Pregnant, Starving Orangutan Clings to Final Tree as Bulldozers Destroy Her Rainforest Home
As rainforests around the world continue to be destroyed by human societies seeking profits in the lush jungle, wild animal populations who have lived there since time immemorial have seen themselves displaced, often with nowhere to go.
And in Borneo, an island in Southeast Asia’s Malay Archipelago, animal rescue workers filmed the tragic moment when a desperate, heavily pregnant orangutan clung to one of the final trees standing in her formerly pristine rainforest home—right up to the moment when massive bulldozers destroyed what was left of it.
Boon-Mee was so weakened and traumatized that she couldn’t imagine leaving the tree trunk where she found sanctuary as heavy machinery ripped apart what used to be her home.
As a result, she was unable to forage for food to feed herself or her unborn baby, meaning she had nothing to look forward to besides death by starvation.
Across Indonesia, palm oil plantations have laid waste to what used to be the homes of orangutans like Boon-Mee, rendering the primates homeless in their formerly lush, rich homes in places like Borneo and Sumatra.
Every year, apes face slaughter at the hands of humans in the big agriculture industry, either by gun or machete. Such trends are reflected in alarming new figures showing that the orangutan population falls by up to 25 per day.
A century ago there were over 230,000 orangutans in Southeast Asia, according to the World Wildlife Fund. However, that number has now plummeted to 41,000 in Borneo and only 7,500 in Sumatra—the only two places where they can be found.
However, this story has a happy ending, because in this rare case the plantation owners had a heart and reached out to UK-based charity International Animal Rescue (IAR) to seek aid for the expecting mom.
An IAR team backed by local forest officials arrived on the scene after several hours of journeying through a still-smoldering forest that had just been freshly burned. When they finally arrived, they were shocked to find not only Boon-Mee but three other orangutans.
Among the three was Charanya, another mom who had just delivered her baby and was desperate to find food. Kalaya had also apparently just had a baby, and was lactating and semi-conscious—leading the IAR workers to believe that her baby had either died or was kidnapped to be someone’s pet.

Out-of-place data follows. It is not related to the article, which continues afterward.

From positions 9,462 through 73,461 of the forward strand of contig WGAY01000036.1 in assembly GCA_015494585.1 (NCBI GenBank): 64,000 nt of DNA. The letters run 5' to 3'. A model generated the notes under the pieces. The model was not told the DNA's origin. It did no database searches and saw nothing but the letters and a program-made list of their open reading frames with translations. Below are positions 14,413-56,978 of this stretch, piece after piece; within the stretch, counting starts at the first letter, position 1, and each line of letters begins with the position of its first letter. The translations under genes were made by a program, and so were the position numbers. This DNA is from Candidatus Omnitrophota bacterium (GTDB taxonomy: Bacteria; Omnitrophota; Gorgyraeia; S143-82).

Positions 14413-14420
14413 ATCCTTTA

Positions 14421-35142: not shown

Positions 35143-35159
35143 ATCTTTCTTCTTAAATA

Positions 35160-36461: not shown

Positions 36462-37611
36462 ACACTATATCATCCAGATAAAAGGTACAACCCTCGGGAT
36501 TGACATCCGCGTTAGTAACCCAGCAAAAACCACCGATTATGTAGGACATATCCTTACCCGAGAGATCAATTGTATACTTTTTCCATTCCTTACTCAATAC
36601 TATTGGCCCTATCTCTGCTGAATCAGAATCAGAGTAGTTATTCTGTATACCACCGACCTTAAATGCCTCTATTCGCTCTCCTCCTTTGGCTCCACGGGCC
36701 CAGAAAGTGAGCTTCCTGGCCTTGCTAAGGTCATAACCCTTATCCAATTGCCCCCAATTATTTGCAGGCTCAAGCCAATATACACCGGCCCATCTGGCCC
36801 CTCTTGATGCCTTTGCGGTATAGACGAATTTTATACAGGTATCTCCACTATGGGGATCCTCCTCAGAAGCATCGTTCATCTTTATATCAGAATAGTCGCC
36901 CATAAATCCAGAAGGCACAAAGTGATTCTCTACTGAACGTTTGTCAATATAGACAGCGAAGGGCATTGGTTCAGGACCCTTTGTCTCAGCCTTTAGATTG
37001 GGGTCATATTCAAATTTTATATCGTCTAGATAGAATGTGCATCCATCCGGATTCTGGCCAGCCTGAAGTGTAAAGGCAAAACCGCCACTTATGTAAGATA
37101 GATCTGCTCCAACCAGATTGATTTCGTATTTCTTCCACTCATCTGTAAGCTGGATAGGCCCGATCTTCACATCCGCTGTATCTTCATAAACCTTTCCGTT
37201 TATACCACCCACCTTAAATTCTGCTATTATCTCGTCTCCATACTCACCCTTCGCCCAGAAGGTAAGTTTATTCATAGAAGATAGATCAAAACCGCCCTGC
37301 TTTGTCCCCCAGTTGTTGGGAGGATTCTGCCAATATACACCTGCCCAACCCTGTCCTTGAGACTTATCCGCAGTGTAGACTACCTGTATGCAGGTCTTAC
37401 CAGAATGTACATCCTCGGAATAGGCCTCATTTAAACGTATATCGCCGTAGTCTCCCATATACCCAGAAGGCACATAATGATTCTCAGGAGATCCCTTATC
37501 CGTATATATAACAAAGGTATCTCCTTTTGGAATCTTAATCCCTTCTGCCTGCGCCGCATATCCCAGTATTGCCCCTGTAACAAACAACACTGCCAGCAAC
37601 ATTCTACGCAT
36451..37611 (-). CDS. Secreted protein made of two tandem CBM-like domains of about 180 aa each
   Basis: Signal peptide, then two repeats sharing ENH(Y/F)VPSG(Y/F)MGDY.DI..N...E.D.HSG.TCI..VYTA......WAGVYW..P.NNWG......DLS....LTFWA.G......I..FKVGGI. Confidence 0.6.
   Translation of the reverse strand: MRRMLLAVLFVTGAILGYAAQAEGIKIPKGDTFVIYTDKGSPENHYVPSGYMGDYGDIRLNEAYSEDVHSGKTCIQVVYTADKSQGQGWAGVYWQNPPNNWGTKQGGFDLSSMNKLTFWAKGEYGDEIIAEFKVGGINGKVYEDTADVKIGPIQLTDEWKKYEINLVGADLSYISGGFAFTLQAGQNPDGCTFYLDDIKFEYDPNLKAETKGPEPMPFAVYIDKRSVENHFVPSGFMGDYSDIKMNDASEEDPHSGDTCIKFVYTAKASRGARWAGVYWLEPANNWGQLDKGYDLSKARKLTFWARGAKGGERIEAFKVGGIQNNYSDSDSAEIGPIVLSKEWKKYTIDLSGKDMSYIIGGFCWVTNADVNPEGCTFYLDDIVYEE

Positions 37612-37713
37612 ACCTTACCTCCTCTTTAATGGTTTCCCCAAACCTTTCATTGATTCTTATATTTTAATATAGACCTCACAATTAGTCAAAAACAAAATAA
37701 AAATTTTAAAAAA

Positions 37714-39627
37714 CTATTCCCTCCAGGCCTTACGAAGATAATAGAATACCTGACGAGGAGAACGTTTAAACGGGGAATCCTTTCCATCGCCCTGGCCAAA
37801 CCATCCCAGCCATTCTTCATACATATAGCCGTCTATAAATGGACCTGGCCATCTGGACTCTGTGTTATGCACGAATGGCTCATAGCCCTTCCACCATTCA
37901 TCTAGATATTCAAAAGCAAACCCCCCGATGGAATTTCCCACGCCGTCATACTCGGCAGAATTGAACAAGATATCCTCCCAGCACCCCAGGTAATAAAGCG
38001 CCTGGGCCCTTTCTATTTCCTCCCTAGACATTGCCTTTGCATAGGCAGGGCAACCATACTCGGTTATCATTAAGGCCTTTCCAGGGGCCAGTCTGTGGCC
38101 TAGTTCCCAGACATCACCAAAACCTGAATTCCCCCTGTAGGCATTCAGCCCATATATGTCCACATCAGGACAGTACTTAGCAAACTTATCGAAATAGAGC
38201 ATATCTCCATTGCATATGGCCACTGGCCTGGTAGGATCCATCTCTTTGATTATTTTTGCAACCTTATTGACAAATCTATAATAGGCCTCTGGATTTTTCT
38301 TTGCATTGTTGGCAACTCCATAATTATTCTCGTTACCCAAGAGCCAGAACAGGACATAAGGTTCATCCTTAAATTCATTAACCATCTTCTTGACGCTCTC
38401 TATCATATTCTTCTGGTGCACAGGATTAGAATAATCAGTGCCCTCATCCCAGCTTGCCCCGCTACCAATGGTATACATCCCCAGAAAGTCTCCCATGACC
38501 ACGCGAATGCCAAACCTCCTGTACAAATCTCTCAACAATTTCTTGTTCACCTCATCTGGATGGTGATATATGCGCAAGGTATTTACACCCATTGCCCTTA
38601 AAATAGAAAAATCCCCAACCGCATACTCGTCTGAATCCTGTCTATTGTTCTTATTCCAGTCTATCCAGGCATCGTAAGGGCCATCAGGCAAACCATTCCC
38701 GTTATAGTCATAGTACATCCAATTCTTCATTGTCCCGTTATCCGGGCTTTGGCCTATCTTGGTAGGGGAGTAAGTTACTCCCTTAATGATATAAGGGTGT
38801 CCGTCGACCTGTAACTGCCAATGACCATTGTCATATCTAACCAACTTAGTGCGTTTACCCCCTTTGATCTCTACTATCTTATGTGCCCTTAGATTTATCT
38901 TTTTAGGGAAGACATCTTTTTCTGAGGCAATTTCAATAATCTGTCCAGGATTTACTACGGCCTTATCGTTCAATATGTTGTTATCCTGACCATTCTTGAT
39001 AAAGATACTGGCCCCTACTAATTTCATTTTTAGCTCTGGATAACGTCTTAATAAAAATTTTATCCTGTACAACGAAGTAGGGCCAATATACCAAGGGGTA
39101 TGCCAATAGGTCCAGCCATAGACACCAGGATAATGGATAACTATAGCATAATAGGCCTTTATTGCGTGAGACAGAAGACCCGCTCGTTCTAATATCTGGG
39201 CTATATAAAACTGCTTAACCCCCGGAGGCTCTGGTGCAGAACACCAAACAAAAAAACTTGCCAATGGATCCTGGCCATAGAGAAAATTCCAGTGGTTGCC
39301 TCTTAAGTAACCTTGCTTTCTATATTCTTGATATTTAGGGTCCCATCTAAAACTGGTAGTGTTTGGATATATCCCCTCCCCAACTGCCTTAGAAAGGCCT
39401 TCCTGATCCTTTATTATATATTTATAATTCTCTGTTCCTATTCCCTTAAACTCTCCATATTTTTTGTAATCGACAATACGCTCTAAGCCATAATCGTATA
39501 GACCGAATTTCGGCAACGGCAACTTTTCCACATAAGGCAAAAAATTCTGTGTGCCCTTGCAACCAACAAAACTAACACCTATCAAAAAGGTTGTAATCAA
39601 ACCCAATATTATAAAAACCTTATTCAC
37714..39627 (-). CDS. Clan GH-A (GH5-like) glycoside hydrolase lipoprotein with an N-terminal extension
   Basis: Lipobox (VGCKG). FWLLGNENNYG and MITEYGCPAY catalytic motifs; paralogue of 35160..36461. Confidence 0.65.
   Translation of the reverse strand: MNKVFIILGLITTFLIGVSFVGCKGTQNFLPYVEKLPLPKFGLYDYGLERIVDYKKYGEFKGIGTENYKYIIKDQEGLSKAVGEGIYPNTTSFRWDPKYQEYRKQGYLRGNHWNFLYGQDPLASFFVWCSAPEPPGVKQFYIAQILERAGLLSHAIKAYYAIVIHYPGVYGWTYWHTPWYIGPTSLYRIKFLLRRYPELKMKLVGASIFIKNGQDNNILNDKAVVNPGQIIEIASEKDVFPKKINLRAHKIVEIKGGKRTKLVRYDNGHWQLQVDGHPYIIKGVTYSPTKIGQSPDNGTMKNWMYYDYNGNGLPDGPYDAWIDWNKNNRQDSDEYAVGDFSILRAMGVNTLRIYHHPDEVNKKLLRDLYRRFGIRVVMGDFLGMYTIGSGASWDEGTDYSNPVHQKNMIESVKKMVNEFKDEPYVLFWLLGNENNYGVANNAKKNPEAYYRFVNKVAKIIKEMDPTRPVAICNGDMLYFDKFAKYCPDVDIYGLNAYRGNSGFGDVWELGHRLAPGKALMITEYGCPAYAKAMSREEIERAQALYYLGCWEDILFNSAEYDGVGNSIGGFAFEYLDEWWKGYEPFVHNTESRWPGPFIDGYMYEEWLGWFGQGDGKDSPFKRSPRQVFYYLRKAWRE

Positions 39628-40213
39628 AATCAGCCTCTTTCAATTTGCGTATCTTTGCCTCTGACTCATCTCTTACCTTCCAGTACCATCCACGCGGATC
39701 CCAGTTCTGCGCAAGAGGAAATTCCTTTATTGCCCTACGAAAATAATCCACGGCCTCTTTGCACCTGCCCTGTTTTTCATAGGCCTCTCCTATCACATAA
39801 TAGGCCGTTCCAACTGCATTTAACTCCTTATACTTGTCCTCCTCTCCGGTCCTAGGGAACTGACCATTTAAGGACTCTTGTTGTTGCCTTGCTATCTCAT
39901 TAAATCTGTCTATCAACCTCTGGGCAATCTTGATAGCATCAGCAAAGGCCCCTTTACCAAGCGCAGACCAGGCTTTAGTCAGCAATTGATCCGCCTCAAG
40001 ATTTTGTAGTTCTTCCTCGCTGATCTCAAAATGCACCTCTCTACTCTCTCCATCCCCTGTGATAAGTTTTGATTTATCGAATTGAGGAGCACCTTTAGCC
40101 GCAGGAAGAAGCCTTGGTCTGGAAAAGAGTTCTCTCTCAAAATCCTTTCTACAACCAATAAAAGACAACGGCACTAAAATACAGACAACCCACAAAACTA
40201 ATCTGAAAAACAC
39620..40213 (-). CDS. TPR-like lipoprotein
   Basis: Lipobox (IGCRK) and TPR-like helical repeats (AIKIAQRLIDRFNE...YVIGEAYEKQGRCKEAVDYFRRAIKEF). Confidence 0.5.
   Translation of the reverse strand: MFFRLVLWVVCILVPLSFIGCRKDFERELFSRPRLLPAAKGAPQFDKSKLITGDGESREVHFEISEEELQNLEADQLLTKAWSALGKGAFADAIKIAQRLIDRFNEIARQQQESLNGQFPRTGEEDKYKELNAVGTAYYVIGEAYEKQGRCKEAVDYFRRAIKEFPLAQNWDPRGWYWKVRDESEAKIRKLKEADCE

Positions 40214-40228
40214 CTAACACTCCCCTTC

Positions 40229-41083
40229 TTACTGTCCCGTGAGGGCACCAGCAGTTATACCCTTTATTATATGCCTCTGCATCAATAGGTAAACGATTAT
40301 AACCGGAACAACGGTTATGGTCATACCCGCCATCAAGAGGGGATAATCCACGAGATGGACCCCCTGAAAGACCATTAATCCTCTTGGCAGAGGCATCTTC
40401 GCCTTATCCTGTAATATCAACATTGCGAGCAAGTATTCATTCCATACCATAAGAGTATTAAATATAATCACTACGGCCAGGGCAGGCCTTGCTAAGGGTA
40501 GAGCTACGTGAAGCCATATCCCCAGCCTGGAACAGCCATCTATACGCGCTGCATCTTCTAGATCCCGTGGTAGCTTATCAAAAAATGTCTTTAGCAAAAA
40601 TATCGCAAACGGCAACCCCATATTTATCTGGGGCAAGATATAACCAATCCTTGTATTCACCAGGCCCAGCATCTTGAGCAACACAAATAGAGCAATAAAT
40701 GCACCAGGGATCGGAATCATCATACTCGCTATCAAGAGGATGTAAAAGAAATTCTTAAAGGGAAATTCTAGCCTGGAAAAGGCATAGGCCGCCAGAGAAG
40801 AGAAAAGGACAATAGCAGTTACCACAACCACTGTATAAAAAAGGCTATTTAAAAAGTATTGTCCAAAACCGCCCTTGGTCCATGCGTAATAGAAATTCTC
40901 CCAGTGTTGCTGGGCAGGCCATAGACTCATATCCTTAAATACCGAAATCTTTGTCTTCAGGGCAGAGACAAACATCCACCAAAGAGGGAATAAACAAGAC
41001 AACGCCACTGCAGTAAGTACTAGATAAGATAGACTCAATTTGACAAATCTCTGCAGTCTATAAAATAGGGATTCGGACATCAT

Boon-Mee was still alive, but just barely—and was surviving on only tree bark, thus making her too weak to climb down the tree.
Rescuers were forced to eventually shoot her with a tranquilizer before catching her in a net.
IAR official Lis Key said:
“It’s heartbreaking to see the appalling state of these animals as their habitat is razed for the palm oil industry – they were weak from hunger. It’s a small comfort that this time rather than chase them off or kill them, the company did the right thing and contacted us.”
Palm oil is a vegetable oil that is extracted from the fruits and seeds of the oil palm—also known as the African palm—and is a common additive on supermarket shelves across the globe.
Oil extracted from the fruit of the palm is not only used in foods like instant noodles, yogurt, ice cream, and wine, but is also used in biofuel and a range of household products including laundry detergents, shampoo and cosmetic goods like lipstick.
Roughly 66 million tons of palm oil are produced each year, driving a trend that has seen forests burned and land robbed to make room for plantations, contributing greatly to global deforestation and the displacement of not only rural human populations, but local animal species endemic to the region.
Palm oil production has largely driven orangutans to the brink of extinction, with the species now classified as critically endangered. Bornean orangutan populations have fallen by more than half between 1999 and 2015.